In light of my own argument about the inequities in the US-Japan alliance, I am extremely sympathetic to Mr. Ozawa’s argument here. The alliance is unequal. LDP governments have been overly solicitious of the US. The alliance will be stronger if Japan learns to say no when it disagrees with the US. Japan should not expect the alliance to function like a Japanese interpersonal relationship, a complex set of obligations accumulated over time that will enmesh the two countries indefinitely. What Japan’s policymakers may come to realize from the North Korea shift is that past support for the US (in Iraq, for example) is no guarantee of reciprocal support for Japan in areas deemed vital to Japanese national interests (the abductions issue, for example). Future Japanese governments — LDP or DPJ — will likely take this lesson to heart and will likely be less forthcoming with support for the US unless (1) Japanese interests are clearly at stake or (2) there is an explicit quid-pro-quo.
Moreover, I should mention that Mr. Ozawa’s position is likely a popular one. Insofar as the Japanese people are interested in foreign policy — and that’s not particularly far — they are dismayed with the government’s failure to stand up for Japan in its relations with other countries, whether China, North Korea, South Korea, or the United States. “Standing up for Japan” is a matter of style, not policy; Japanese citizens seem to desire a government that speaks out in defense of its interests and forcefully challenges insults to Japan’s honor.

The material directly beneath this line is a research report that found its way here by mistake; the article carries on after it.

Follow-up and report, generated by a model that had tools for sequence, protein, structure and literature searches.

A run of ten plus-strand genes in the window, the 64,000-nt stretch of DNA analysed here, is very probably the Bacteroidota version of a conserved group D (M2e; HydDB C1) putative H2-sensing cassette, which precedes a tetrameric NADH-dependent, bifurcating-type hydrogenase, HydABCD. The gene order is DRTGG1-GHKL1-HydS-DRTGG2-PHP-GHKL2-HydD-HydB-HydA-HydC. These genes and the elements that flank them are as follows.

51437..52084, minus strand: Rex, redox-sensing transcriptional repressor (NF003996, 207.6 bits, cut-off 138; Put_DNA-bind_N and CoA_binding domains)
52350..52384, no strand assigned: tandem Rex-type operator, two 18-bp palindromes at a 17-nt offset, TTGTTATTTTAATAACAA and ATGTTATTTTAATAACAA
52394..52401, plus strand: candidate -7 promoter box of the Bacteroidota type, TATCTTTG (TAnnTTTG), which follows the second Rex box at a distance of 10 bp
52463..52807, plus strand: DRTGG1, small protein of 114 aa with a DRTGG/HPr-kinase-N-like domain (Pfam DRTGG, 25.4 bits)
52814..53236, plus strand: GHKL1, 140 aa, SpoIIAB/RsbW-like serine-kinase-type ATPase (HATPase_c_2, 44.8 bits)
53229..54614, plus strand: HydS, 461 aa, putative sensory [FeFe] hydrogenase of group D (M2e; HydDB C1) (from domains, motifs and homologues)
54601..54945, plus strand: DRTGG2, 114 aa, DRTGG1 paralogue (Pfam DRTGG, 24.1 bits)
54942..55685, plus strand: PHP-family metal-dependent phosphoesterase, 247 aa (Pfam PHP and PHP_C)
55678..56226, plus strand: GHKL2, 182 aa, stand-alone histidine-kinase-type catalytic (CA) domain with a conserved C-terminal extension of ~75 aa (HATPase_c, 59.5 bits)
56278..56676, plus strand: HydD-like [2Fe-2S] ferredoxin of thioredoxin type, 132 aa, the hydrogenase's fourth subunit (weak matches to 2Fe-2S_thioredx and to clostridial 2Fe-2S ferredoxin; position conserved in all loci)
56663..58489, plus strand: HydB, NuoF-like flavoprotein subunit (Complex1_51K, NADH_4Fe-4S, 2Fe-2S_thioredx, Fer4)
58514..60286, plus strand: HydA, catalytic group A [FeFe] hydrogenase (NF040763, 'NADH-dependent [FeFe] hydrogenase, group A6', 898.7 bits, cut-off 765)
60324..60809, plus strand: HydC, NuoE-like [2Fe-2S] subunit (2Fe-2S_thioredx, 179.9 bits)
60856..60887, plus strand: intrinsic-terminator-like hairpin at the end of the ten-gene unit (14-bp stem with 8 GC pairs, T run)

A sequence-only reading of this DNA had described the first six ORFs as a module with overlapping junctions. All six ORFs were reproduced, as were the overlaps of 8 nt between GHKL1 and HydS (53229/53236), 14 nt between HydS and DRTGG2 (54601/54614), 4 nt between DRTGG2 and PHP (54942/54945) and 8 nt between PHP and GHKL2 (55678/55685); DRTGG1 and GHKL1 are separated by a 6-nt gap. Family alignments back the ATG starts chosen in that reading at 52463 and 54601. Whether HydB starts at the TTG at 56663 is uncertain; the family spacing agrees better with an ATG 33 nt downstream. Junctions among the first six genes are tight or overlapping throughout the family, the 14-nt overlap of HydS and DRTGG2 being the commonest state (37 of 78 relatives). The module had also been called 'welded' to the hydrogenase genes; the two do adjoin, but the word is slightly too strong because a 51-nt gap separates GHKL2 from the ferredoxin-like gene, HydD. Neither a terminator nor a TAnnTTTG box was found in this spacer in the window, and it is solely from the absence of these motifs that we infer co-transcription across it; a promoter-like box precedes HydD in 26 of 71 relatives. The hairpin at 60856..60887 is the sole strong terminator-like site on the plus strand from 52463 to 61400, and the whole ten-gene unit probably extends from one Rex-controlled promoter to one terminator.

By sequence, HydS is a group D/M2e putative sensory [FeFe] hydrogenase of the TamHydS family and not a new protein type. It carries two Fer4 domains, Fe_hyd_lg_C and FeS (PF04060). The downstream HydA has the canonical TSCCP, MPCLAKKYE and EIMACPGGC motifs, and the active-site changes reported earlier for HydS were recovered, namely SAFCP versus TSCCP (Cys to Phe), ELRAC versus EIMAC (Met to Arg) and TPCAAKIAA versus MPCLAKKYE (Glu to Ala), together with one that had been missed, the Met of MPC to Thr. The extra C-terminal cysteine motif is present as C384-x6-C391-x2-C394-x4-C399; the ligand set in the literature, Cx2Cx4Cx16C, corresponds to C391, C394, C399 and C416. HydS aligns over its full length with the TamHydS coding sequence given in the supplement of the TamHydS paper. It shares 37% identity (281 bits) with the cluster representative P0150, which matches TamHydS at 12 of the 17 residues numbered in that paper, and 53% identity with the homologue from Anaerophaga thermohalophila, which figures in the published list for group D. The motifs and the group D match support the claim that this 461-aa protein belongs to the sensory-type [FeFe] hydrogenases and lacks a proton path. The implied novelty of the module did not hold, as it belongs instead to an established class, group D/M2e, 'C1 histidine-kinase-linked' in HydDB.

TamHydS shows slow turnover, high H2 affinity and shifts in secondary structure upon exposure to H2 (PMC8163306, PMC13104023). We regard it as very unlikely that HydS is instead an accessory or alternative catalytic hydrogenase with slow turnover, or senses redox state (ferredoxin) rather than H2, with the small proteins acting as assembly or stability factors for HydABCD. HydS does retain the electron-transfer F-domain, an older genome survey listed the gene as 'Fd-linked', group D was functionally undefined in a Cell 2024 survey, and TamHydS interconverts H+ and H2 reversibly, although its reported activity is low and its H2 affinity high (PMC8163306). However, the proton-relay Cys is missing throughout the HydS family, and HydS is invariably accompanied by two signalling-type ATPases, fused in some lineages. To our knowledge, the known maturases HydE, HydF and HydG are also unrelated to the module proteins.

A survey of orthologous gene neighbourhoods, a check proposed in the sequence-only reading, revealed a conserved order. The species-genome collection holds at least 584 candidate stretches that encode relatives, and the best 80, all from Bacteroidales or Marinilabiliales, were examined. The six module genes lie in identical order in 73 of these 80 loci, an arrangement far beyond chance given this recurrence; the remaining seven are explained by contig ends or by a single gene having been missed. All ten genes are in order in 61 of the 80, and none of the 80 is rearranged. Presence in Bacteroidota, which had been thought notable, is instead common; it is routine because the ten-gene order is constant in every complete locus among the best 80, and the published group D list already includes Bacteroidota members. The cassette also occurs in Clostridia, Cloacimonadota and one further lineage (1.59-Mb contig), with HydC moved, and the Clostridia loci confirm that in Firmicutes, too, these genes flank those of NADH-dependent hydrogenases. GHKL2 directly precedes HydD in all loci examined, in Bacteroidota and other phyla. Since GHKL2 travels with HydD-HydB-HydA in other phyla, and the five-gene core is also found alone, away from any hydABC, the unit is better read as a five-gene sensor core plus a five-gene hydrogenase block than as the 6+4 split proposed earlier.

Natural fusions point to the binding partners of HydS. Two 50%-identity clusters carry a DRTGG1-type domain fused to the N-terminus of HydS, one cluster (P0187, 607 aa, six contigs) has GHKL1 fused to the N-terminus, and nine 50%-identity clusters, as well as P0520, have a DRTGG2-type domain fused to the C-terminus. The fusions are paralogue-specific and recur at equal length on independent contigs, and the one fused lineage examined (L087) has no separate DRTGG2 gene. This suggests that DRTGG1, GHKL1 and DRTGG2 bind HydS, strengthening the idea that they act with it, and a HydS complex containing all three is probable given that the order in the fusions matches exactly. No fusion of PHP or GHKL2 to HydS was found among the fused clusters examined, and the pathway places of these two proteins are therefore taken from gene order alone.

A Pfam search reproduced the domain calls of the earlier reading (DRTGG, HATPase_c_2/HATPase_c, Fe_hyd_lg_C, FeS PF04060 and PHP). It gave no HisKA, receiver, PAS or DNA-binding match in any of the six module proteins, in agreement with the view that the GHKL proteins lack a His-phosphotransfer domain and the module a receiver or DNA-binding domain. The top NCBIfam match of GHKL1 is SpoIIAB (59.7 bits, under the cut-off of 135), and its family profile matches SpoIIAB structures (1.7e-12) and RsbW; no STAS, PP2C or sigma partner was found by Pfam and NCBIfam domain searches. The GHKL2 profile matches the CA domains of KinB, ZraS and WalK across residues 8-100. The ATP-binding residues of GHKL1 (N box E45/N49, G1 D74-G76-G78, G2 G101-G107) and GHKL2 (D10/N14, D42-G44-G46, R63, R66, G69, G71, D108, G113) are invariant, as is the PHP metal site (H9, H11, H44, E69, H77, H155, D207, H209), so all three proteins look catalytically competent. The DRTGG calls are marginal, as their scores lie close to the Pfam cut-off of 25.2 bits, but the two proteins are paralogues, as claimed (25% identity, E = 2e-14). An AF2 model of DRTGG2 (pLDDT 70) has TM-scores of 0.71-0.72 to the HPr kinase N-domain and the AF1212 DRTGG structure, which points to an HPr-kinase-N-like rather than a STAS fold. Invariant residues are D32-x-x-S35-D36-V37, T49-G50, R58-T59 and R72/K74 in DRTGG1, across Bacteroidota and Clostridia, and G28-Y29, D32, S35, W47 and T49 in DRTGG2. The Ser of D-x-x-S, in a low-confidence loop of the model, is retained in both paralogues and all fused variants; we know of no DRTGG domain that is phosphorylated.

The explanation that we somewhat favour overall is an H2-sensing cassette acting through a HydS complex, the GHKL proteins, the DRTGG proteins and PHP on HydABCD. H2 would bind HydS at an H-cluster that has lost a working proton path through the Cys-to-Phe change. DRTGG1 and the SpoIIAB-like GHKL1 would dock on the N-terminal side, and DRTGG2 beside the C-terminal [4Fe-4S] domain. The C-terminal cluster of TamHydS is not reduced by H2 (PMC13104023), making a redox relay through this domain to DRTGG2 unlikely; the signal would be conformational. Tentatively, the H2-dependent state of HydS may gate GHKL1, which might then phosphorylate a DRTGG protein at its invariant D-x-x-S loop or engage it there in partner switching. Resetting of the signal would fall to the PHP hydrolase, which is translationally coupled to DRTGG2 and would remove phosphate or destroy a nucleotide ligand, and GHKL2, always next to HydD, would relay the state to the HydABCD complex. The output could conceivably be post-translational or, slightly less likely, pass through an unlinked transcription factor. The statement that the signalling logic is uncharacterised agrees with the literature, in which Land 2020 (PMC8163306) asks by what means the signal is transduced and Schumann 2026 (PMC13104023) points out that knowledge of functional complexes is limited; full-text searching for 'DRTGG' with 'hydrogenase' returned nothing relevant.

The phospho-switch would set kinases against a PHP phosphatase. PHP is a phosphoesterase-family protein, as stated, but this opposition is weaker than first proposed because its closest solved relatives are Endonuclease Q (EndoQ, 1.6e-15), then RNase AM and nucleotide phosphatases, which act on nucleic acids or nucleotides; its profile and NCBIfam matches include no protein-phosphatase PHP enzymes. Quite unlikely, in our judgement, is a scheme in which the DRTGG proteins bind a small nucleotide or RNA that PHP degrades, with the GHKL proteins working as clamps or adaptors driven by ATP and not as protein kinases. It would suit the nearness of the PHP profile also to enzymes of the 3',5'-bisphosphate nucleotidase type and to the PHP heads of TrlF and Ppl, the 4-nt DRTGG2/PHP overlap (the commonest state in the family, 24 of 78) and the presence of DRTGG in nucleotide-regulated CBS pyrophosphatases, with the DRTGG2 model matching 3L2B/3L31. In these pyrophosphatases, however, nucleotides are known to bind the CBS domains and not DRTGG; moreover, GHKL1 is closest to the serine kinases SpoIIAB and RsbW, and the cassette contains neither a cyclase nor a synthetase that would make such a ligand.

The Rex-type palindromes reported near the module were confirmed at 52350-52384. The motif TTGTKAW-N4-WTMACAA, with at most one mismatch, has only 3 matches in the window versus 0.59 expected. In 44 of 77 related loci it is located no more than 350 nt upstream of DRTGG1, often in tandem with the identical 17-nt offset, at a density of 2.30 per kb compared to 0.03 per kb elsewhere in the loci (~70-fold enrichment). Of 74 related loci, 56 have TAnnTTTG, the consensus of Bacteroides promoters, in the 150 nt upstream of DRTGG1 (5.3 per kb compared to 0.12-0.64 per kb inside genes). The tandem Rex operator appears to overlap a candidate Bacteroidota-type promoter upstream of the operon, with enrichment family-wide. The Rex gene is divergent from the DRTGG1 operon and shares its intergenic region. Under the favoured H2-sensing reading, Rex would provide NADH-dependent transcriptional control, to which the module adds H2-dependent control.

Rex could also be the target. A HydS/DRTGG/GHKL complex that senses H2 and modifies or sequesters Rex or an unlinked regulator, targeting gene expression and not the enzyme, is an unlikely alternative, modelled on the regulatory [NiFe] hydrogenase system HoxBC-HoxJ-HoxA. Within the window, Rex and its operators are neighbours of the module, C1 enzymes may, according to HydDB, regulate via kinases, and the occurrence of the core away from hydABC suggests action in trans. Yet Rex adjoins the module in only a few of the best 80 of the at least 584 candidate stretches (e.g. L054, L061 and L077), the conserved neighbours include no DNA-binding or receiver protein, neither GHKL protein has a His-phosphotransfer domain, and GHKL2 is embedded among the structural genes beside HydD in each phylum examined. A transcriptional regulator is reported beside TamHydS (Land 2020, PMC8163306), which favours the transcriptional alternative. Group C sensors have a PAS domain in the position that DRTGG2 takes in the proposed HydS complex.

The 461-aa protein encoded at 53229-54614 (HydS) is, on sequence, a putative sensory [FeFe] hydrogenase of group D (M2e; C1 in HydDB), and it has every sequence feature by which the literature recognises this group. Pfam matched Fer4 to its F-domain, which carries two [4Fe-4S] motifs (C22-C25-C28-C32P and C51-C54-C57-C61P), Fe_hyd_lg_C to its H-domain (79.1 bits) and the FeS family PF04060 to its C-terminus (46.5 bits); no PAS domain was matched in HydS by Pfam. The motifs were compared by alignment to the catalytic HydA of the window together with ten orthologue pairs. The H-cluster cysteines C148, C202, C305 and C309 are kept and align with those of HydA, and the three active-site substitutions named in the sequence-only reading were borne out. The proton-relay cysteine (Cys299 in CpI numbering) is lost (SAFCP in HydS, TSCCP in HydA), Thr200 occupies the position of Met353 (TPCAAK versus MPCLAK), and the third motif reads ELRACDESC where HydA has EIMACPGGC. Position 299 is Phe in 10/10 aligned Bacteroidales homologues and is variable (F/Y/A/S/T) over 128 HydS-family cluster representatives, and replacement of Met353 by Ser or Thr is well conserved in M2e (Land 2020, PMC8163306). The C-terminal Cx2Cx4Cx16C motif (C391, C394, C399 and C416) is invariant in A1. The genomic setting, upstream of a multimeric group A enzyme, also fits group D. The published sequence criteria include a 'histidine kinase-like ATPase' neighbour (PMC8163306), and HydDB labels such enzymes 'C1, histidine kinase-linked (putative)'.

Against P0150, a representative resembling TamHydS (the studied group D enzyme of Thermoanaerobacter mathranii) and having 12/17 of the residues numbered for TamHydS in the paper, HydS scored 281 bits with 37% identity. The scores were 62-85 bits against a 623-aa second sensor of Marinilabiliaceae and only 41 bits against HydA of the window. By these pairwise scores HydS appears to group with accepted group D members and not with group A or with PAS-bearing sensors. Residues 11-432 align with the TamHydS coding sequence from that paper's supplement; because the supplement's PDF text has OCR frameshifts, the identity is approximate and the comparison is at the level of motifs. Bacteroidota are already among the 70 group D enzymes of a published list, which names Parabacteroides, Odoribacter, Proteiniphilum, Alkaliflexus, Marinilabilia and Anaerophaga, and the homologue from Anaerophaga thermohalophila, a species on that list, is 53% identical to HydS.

So would foreign policy be much different under a Prime Minister Ozawa? Probably not. In his remarks, Mr. Ozawa promised to listen to the people of Okinawa and solve the problem of US bases in Okinawa. He offers no hint of what this would entail (apparently not the 2006 realignment agreement?). He calls for an equal alliance with the US, but offers little hint for how to get there. Presumably in the event of a US-led war, Japanese involvement would depend on a UN security council resolution, as Mr. Ozawa has said on a number of occasions. An Ozawa government would undoubtedly look for closer ties with other regional powers, not least China.
But like the Fukuda government, a DPJ-led government would be overwhelmingly focused on “livelihood” issues — to borrow from the DPJ’s 2007 election campaign, a DPJ government would be a seikatsu daiichi government. Foreign policy issues would take a back seat to fixing the welfare and healthcare systems and reforming the political system through redistricting to enhance the DPJ’s long-term electoral prospects. An Ozawa government would not expend significant amounts of political capital on foreign policy, meaning that for better or worse the core of the US-Japan alliance would remain unchanged. It would probably be less global in its activities, but otherwise the US would remain Japan’s leading ally in the region, and vice versa.
Would it be preferable for Mr. Ozawa to avoid hyperbolic remarks? Yes, of course, but observers must be aware of the reasoning behind his remarks and not rush to conclusions about the policy implications.